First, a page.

WI John Adams loses Vice Presidency in 1792

What if George Clinton carved out a few more votes in the 1792 Electoral College, such that George Washington is still re-elected as handily as OTL but his VP, Adams, is not? How does this affect Washington's secovd term, the 1796 election, and subsequent history?
 
How did Alexander Hamilton and George Clinton get along?
Not well.
Try mortal enemies -- Hamilton basically spent a good chunk of his years between the war and Washington administration waging war against Clinton's New York political machine.

Suffice to say, if he becomes Vice President, then he'll be sidelined by the President worse than Adams was; I'm not sure how, or if, this changes things in the second term, but it will certainly change things in 1796.
 
Try mortal enemies -- Hamilton basically spent a good chunk of his years between the war and Washington administration waging war against Clinton's New York political machine.

Suffice to say, if he becomes Vice President, then he'll be sidelined by the President worse than Adams was; I'm not sure how, or if, this changes things in the second term, but it will certainly change things in 1796.

Okay, then how did Clinton get along with Burr at this point in time?
 
Thinking about how 1796 plays out TTL -- assuming 1793 goes as OTL, Jefferson is still a lead candidate, and I'd say he's more likely to win in this scenario.

The question that leaves though is, who is his leading (Federalist) opponent in 1796 and/or 1800? Is it possible, if the Reynolds Pamphlet is butterflied,* for Hamilton to be Jefferson's rival for re-election?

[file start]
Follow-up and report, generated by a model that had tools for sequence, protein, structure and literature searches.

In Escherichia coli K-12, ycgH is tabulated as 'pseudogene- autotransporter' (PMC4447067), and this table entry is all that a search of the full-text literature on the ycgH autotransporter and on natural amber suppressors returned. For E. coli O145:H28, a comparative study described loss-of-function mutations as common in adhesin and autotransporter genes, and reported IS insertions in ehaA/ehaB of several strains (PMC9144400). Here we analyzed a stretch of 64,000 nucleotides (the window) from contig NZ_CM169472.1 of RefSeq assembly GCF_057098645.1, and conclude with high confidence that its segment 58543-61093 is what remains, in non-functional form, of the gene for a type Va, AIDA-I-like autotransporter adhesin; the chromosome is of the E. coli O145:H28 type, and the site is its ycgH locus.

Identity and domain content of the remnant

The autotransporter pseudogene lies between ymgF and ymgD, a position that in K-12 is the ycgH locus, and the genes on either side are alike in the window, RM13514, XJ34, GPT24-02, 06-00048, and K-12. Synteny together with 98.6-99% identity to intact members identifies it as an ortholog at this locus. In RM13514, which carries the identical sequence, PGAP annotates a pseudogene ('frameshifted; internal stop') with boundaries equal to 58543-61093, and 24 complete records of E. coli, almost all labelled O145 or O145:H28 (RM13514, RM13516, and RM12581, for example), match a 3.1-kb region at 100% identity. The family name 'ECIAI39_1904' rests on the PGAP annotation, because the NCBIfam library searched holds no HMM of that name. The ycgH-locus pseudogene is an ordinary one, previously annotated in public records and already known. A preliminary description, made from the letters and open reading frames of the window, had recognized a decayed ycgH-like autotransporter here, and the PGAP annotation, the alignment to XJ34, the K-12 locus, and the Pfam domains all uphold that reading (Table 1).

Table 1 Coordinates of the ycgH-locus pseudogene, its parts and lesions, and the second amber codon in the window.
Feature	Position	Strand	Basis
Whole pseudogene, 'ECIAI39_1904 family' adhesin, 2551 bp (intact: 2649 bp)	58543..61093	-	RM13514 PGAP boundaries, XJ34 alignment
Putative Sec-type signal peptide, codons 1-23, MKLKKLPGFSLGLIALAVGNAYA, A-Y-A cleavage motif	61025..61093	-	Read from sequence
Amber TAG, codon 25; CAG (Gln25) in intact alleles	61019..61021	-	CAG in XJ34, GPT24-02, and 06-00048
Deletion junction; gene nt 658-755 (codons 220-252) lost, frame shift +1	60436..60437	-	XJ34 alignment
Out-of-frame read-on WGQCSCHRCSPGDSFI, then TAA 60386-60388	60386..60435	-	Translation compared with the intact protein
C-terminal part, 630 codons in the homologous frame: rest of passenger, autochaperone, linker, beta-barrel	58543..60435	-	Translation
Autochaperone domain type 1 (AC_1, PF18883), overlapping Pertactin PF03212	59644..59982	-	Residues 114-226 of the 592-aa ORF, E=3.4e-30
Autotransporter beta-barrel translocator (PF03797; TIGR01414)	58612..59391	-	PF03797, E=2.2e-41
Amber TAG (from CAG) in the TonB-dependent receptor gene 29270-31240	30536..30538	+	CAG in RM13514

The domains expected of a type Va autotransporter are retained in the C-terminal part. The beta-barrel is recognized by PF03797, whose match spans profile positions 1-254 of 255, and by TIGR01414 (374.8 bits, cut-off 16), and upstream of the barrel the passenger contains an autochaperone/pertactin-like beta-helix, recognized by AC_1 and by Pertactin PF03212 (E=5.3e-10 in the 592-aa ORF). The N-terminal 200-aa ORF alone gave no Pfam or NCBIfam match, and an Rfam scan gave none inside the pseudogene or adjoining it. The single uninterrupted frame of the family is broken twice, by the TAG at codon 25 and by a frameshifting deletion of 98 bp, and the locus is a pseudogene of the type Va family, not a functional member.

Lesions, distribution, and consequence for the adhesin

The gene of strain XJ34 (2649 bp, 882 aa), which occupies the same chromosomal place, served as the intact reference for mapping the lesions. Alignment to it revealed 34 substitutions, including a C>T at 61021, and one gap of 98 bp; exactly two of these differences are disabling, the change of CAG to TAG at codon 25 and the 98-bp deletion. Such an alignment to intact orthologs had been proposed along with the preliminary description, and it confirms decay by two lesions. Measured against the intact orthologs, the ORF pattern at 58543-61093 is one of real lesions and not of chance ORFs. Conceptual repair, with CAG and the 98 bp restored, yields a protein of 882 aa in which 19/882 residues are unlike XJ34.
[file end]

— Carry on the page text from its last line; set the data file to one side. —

Okay, then how did Clinton get along with Burr at this point in time?
Burr is more complicated; one thing I can say is that OTL he had endeavored on his own campaign for 1792, competing with Clinton (and Adams) for the position, but bowed out before the EC.

*if Washington doesn't recall Monroe from France, due to Jefferson being placed to succeed him, this might be an effect
 
See https://groups.google.com/d/msg/soc.history.what-if/WWdwLlM4lyY/Tjd0fjfn5bEJ for my take on how a Clinton vice-presidential victory was indeed possible in 1792. As I noted, there are two big questions:

(1) Does Adams quit politics once and for all, as he often threatened to do? If so, who will the Federalist candidate for President be in 1796? (Maybe a Pinckney, but which one?...)

(2) Does Clinton insist on being Republican candidate for President in 1796 or is he willing to accept being Jefferson's running mate? (The Republicans would have preferred to run Jefferson rather than Clinton in 1792--but the fact that Virginia electors could not vote for both Washington and Jefferson ruled that out.) Even if he says he is willing, there is the embarrassing fact that if Republican electors vote solidly for both men and if they both outscore whoever the Federalists nominate--well, we could get the equivalent of the 1800 fiasco, four years earlier, with Clinton rather than Burr as the candidate who could hope to convince some Federalists that he was the lesser evil than Jefferson...
 
On who the Federalists back in 1796 and/or 1800 -- apparently Hamilton, circa 1795, thought the most likely successors to Washington "in the event of his retreat from his station" were either Adams, Jefferson, or John Jay.

CONSOLIDATE: On second point by @David T -- I'd say that Clinton consents to being Jefferson's number two easily enough. Also, Adams most likely would make good on his promise to retire.
 
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